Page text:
# Pendulum - How it affects gear train torque?

Does the gear train in a classic weight driven clock see a torque decrease when we lengthen the pendulum?

thanks guys for your help - (inventor question)

jbriggs444
Homework Helper
Are you asking this as a physics question or as a design question?

The physics version would be: "How would lengthening the part of the pendulum below the pivot point change the torque delivered by the escapement"

The design question would be: "How would lengthening the part of the pendulum below the pivot point change the torque required from the escapement".

Are you asking this as a physics question or as a design question?

The physics version would be: "How would lengthening the part of the pendulum below the pivot point change the torque delivered by the escapement"

The design question would be: "How would lengthening the part of the pendulum below the pivot point change the torque required from the escapement".

The first one - "How would lengthening the part of the pendulum below the pivot point change the torque delivered by the escapement; would it increase or decrease?"

Also, I'm assuming the change in the torque delivered is transferred (seen/realized) to the gear train, is this a correct assumption?

jbriggs444
Homework Helper
Possibly we are still speaking at cross-purposes.

To my way of thinking, the pendulum is a driven oscillator. It does not apply torque to the gear train. The gear train applies torque to it. In the absence of any applied torque, it would continue move back and forth in an arc that slowly decreases over time due primarily to air resistance.

The gear train has to provide enough torque to overcome the losses due to air resistance. But it must not provide so much so that the pendulum's arc increases too greatly. [The escapement assures that this torque is applied in proper synchronization with the pendulum's motion].

So my answer is that the torque applied by the gear train/escapement on the pendulum is unchanged by the length of the pendulum. From Newton's third law, the torque applied by the pendulum to the escapement/gear train is also unchanged.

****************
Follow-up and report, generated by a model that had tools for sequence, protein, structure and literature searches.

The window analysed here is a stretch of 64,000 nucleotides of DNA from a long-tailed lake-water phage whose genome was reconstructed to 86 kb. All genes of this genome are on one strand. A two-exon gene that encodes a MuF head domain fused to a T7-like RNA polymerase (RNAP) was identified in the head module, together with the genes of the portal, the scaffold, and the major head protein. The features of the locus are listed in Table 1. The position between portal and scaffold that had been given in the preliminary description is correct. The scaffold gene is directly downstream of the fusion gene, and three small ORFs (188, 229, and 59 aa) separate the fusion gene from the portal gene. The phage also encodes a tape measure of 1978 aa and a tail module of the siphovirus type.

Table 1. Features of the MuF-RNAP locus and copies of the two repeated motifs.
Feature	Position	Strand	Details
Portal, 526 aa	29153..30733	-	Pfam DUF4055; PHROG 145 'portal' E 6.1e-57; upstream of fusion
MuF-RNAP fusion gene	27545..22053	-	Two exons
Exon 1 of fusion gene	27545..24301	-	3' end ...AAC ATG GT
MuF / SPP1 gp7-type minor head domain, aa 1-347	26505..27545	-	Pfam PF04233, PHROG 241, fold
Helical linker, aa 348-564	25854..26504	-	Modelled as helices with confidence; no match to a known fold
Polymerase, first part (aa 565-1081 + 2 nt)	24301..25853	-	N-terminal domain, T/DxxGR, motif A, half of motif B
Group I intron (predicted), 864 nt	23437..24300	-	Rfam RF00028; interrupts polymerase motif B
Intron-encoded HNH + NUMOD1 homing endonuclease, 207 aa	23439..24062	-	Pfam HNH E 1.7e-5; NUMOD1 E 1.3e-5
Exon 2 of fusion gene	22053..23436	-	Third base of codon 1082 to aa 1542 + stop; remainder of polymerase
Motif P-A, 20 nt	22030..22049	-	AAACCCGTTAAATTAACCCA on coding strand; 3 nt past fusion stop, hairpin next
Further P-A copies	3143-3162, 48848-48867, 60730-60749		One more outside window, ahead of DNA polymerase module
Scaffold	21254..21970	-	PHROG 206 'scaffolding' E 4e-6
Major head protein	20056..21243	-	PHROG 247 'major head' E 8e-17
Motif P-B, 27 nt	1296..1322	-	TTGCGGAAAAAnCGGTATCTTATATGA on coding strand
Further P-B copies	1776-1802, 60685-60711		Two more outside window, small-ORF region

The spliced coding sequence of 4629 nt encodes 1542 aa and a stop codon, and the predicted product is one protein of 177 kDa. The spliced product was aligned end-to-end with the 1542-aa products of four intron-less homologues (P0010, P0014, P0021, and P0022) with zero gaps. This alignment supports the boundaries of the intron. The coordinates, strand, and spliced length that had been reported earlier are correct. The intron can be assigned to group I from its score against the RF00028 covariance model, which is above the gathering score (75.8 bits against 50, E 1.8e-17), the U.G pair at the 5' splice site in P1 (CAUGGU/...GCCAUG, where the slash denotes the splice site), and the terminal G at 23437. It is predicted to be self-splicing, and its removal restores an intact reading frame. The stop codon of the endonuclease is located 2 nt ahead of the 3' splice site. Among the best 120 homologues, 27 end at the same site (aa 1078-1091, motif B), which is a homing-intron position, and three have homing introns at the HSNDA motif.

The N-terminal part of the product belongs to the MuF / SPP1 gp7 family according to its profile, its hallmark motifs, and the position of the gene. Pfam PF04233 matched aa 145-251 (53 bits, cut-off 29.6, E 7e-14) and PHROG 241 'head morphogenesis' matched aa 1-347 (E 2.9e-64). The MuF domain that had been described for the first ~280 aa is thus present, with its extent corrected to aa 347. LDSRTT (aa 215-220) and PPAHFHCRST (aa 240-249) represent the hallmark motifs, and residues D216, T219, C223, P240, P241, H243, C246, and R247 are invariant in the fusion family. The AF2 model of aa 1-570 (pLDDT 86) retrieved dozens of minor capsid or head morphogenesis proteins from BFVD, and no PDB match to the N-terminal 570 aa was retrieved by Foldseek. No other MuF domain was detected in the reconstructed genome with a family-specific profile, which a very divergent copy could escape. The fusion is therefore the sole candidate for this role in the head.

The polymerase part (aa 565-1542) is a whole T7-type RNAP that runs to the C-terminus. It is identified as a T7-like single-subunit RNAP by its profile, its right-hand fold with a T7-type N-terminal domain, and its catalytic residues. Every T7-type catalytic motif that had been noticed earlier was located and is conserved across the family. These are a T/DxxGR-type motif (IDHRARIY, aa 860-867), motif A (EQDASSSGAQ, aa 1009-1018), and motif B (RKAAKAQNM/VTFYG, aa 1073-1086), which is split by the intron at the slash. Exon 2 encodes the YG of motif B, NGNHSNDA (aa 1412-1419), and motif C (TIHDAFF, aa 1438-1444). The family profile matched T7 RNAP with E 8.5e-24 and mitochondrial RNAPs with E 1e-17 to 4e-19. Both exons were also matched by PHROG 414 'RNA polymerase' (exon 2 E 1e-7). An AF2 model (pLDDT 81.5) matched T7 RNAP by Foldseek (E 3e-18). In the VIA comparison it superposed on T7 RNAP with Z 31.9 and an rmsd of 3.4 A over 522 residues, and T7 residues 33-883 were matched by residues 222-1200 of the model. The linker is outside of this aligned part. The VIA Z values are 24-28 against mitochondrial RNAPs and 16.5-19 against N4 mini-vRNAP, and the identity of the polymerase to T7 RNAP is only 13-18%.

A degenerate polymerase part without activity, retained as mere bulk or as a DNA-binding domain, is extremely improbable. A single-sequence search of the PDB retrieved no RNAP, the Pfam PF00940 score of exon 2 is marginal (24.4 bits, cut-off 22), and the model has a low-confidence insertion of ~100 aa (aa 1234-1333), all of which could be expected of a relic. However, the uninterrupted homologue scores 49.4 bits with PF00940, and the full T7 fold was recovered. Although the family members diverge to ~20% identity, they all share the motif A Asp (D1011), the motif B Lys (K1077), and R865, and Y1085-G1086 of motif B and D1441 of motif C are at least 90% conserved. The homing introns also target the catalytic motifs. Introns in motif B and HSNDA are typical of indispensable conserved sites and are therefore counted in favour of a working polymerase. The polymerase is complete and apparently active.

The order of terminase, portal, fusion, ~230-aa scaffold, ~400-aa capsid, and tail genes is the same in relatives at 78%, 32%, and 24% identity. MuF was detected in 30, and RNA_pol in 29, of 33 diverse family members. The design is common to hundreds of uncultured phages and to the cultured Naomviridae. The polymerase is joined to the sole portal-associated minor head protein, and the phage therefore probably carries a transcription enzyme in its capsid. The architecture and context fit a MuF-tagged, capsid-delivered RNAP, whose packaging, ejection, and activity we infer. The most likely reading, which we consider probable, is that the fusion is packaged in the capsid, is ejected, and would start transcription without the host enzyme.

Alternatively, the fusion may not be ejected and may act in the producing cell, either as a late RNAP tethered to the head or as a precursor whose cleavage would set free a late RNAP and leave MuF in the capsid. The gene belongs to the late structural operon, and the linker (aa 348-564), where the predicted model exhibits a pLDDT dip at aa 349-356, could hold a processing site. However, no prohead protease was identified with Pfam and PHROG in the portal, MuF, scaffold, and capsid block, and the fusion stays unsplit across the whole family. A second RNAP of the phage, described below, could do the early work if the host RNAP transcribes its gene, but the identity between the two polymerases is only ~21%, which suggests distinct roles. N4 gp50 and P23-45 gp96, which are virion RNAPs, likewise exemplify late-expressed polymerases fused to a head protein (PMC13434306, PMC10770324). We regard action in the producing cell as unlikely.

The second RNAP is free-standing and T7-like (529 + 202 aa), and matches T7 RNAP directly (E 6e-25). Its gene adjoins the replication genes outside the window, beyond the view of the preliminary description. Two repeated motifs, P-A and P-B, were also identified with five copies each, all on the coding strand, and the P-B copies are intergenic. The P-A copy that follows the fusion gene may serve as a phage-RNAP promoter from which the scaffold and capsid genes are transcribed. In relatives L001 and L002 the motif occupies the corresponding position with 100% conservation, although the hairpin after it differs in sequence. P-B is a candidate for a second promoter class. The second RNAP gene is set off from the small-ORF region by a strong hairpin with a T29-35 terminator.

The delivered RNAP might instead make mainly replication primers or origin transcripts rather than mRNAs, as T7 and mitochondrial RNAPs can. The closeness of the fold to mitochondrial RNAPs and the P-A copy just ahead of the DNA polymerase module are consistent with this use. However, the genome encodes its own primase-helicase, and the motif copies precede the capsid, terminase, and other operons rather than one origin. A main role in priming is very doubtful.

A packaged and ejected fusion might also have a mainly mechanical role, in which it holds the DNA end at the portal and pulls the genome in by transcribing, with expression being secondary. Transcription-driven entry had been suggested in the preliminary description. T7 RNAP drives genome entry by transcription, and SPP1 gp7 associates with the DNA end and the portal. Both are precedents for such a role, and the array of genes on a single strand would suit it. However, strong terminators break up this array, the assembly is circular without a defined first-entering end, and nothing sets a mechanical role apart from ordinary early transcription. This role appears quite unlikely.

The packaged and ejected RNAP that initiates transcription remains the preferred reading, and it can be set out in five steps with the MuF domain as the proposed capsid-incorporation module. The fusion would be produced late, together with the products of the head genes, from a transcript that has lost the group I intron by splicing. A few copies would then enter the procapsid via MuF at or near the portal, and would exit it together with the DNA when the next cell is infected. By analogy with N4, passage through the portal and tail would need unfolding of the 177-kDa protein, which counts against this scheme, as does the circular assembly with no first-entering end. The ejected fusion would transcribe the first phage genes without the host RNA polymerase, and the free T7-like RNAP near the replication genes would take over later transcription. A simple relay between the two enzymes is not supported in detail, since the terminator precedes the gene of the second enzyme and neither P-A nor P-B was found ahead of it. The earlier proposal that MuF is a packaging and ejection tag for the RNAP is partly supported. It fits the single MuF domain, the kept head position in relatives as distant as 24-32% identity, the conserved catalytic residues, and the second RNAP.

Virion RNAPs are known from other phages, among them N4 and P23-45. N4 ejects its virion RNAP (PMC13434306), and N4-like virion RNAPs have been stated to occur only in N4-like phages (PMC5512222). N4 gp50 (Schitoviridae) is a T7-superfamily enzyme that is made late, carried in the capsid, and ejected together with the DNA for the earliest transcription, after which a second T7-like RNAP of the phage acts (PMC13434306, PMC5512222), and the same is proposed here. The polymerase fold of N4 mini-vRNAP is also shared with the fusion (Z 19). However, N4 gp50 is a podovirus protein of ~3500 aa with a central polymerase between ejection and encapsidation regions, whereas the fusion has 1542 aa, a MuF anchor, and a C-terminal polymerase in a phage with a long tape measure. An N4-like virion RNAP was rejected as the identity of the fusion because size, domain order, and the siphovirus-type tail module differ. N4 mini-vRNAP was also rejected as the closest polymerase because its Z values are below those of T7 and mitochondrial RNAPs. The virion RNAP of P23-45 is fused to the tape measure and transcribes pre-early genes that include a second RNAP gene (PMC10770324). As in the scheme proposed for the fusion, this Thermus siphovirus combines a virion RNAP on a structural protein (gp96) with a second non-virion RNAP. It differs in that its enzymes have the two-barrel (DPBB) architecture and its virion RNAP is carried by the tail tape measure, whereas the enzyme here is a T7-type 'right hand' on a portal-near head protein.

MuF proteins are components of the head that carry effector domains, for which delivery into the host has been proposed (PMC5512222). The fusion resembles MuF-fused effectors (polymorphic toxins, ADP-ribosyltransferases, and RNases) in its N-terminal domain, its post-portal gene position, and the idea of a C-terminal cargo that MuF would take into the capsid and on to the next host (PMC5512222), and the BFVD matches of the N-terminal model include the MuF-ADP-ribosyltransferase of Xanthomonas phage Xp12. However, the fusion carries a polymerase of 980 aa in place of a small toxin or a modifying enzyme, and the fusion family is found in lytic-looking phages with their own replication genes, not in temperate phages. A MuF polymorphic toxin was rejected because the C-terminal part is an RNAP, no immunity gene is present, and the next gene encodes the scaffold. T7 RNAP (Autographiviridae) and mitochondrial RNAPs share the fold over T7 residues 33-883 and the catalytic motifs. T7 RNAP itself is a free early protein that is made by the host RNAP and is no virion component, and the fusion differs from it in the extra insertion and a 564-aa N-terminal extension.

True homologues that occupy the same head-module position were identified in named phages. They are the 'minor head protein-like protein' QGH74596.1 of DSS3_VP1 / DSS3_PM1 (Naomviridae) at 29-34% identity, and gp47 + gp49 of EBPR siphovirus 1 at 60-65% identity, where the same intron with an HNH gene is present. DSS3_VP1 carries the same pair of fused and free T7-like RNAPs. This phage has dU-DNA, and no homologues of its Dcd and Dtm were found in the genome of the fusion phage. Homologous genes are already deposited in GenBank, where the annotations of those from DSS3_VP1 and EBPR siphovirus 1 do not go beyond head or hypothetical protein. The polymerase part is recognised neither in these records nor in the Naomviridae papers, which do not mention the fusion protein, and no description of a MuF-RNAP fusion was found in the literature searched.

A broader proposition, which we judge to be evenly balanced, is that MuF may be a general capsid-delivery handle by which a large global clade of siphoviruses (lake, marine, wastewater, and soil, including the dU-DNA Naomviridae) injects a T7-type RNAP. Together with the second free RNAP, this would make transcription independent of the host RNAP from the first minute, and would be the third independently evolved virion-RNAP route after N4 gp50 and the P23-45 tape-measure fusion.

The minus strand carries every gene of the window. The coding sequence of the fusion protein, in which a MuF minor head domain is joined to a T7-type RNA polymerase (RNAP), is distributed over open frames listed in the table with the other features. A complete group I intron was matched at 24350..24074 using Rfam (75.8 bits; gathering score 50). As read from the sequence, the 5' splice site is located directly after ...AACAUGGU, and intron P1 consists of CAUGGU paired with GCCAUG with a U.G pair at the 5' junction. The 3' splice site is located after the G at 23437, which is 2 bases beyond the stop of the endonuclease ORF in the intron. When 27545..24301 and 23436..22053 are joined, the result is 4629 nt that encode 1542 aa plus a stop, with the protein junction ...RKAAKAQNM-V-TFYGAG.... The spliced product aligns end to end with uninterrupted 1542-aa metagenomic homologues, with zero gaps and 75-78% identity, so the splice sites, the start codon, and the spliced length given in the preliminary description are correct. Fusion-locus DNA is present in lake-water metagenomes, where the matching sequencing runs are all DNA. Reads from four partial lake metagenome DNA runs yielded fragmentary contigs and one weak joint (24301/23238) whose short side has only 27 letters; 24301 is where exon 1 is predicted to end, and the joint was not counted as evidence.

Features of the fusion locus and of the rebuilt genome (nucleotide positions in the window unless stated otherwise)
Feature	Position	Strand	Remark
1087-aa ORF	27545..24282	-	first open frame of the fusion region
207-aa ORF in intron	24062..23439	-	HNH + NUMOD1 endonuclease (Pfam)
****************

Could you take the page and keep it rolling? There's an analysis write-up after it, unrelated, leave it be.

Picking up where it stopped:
Possibly we are still speaking at cross-purposes.

To my way of thinking, the pendulum is a driven oscillator. It does not apply torque to the gear train. The gear train applies torque to it. In the absence of any applied torque, it would continue move back and forth in an arc that slowly decreases over time due primarily to air resistance.

The gear train has to provide enough torque to overcome the losses due to air resistance. But it must not provide so much so that the pendulum's arc increases too greatly. [The escapement assures that this torque is applied in proper synchronization with the pendulum's motion].

So my answer is that the torque applied by the gear train/escapement on the pendulum is unchanged by the length of the pendulum. From Newton's third law, the torque applied by the pendulum to the escapement/gear train is also unchanged.

JBriggs, take a look at this link

What happens if we put the escapement/pendulum assembly between the blue (1st) and purple (2nd) gears? Now does lengthening the pendulum affect the torque on the downstream gears (purple, green, and plum gears)?

thanks again

Bump. Anyone care to contribute on the 7:50pm post? thanks again